Adolescent girls and young women (AGYW) face challenges to seeking HIV and sexual and reproductive health services in sub-Saharan Africa. Integrated approaches designed for AGYW may facilitate service uptake, but rigorous evaluation is needed.
Four comparable public-sector health centers were selected in Malawi and randomly assigned to a service delivery model. One offered “standard of care” (SOC), consisting of vertical HIV testing, family planning, and sexually transmitted infection management in adult-oriented spaces, by providers without extra training. Three offered youth-friendly health services (YFHS), consisting of the same SOC services in integrated youth-dedicated spaces and staffed by youth-friendly peers and providers. In each health center, AGYW aged 15–24 years were enrolled and followed over 12 months to determine use of HIV testing, condoms, and hormonal contraception. The SOC and YFHS models were compared using adjusted risk differences and incidence rate ratios.
In 2016, 1000 AGYW enrolled (N = 250/health center). Median age was 19 years (interquartile range = 17–21 years). Compared with AGYW in the SOC, those in the YFHS models were 23% [confidence interval (CI): 16% to 29%)] more likely to receive HIV testing, 57% (CI: 51% to 63%) more likely to receive condoms, and 39% (CI: 34% to 45%) more likely to receive hormonal contraception. Compared with AGYW in the SOC, AGYW in the YFHS models accessed HIV testing 2.4 (CI: 1.9 to 2.9) times more, condoms 7.9 (CI: 6.0 to 10.5) times more, and hormonal contraception 6.0 (CI: 4.2 to 8.7) times more.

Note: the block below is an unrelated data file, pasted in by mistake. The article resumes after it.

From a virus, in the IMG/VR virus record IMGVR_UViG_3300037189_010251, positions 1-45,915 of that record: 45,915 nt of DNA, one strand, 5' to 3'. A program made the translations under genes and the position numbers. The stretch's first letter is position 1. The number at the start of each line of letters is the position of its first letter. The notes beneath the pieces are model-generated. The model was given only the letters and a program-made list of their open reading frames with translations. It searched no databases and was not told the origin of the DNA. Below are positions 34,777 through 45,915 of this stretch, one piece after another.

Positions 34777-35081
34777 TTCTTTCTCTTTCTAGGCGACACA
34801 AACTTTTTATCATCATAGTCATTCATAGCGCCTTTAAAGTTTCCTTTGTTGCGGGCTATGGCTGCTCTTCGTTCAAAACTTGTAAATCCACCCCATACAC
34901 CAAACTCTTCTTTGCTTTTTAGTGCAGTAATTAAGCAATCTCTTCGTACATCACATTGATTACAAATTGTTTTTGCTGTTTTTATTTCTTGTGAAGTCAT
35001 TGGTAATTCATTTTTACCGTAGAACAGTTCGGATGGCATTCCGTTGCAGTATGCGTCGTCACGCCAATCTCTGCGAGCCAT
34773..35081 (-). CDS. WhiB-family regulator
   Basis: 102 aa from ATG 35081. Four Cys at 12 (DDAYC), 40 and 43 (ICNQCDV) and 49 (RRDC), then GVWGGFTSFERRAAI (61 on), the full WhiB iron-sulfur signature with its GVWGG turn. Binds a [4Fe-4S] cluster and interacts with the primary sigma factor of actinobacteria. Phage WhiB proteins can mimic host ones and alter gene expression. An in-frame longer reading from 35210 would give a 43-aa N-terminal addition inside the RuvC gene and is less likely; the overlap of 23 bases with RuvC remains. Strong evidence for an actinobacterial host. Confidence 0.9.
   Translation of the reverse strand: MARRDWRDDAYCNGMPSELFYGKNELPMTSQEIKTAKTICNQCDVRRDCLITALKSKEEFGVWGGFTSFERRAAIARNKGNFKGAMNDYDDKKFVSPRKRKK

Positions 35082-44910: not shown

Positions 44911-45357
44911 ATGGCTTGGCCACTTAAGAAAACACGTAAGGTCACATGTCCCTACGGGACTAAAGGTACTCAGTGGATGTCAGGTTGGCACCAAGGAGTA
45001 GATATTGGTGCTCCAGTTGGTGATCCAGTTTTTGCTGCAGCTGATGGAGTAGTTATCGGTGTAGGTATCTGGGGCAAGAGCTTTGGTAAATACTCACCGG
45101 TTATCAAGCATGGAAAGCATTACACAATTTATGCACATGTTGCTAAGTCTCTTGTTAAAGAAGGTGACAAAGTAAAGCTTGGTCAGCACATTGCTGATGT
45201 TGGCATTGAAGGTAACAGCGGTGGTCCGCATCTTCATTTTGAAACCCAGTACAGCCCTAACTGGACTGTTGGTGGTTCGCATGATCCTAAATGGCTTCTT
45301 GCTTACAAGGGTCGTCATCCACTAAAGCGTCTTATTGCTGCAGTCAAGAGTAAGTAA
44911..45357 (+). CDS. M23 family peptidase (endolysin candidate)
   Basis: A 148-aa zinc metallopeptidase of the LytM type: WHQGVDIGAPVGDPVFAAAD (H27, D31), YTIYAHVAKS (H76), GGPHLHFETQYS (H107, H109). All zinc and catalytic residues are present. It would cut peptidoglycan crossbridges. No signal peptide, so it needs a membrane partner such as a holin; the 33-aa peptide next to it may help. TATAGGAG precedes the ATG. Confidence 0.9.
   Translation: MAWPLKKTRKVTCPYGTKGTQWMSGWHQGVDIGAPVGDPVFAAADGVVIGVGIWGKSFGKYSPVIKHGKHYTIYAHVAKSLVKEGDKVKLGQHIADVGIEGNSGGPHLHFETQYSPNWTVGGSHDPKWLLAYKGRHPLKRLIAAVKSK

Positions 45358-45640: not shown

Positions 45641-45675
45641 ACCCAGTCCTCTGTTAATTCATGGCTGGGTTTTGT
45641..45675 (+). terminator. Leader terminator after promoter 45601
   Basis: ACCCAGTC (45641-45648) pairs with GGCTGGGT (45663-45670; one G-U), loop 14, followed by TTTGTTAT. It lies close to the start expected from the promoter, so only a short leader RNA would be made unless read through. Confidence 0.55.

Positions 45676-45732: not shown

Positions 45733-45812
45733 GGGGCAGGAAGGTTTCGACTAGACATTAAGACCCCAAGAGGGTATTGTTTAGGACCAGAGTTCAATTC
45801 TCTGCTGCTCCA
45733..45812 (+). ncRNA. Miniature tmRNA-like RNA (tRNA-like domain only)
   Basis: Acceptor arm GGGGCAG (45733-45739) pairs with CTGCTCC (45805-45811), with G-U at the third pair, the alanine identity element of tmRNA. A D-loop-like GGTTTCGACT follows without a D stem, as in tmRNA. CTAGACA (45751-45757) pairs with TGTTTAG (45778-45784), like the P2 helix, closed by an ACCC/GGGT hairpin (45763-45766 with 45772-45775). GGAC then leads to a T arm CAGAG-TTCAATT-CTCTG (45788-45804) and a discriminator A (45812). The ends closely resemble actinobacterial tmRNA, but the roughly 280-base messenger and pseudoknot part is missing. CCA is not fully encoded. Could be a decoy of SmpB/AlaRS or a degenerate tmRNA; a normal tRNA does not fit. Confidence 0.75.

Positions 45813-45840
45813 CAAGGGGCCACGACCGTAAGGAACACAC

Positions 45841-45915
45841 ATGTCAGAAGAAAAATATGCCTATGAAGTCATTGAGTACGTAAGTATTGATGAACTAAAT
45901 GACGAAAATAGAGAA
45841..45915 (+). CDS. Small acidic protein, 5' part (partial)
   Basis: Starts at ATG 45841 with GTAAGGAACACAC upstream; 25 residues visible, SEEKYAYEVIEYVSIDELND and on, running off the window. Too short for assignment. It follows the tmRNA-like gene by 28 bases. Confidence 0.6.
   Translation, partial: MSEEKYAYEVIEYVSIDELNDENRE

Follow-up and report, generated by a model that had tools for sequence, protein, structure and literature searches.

A YFHS model led to higher health service use. Implementation science is needed to guide scale-up.
*University of North Carolina Project, Lilongwe, Malawi;
†University of North Carolina, Chapel Hill, Chapel Hill, NC;
‡Lilongwe District Health Office, Lilongwe, Malawi; and
§Desmond Tutu HIV Centre, University of Cape Town, Cape Town, South Africa.
Correspondence to: Nora E. Rosenberg, PhD, MSPH, Department of Health Behavior, Gillings School of Global Public Health, University of North Carolina at Chapel Hill, Rosenau Hall, CB #7440, Chapel Hill, NC 27599-7440 (e-mail: Nora_Rosenberg@unc.edu).
Supported by Evidence for HIV Prevention in Southern Africa (EHPSA), a DFID program managed by Mott MacDonald. N.E.R. is funded by the National Institute of Mental Health (R00 MH104154) and through the UNC Center for AIDS Research from the National Institute of Allergies and Infectious Diseases (P30 AI50410). N.L.B. was supported by the National Institutes of Health Fogarty International Center (R25TW009340).
The authors have no funding or conflicts of interest to disclose.
Received March 17, 2018
Accepted June 18, 2018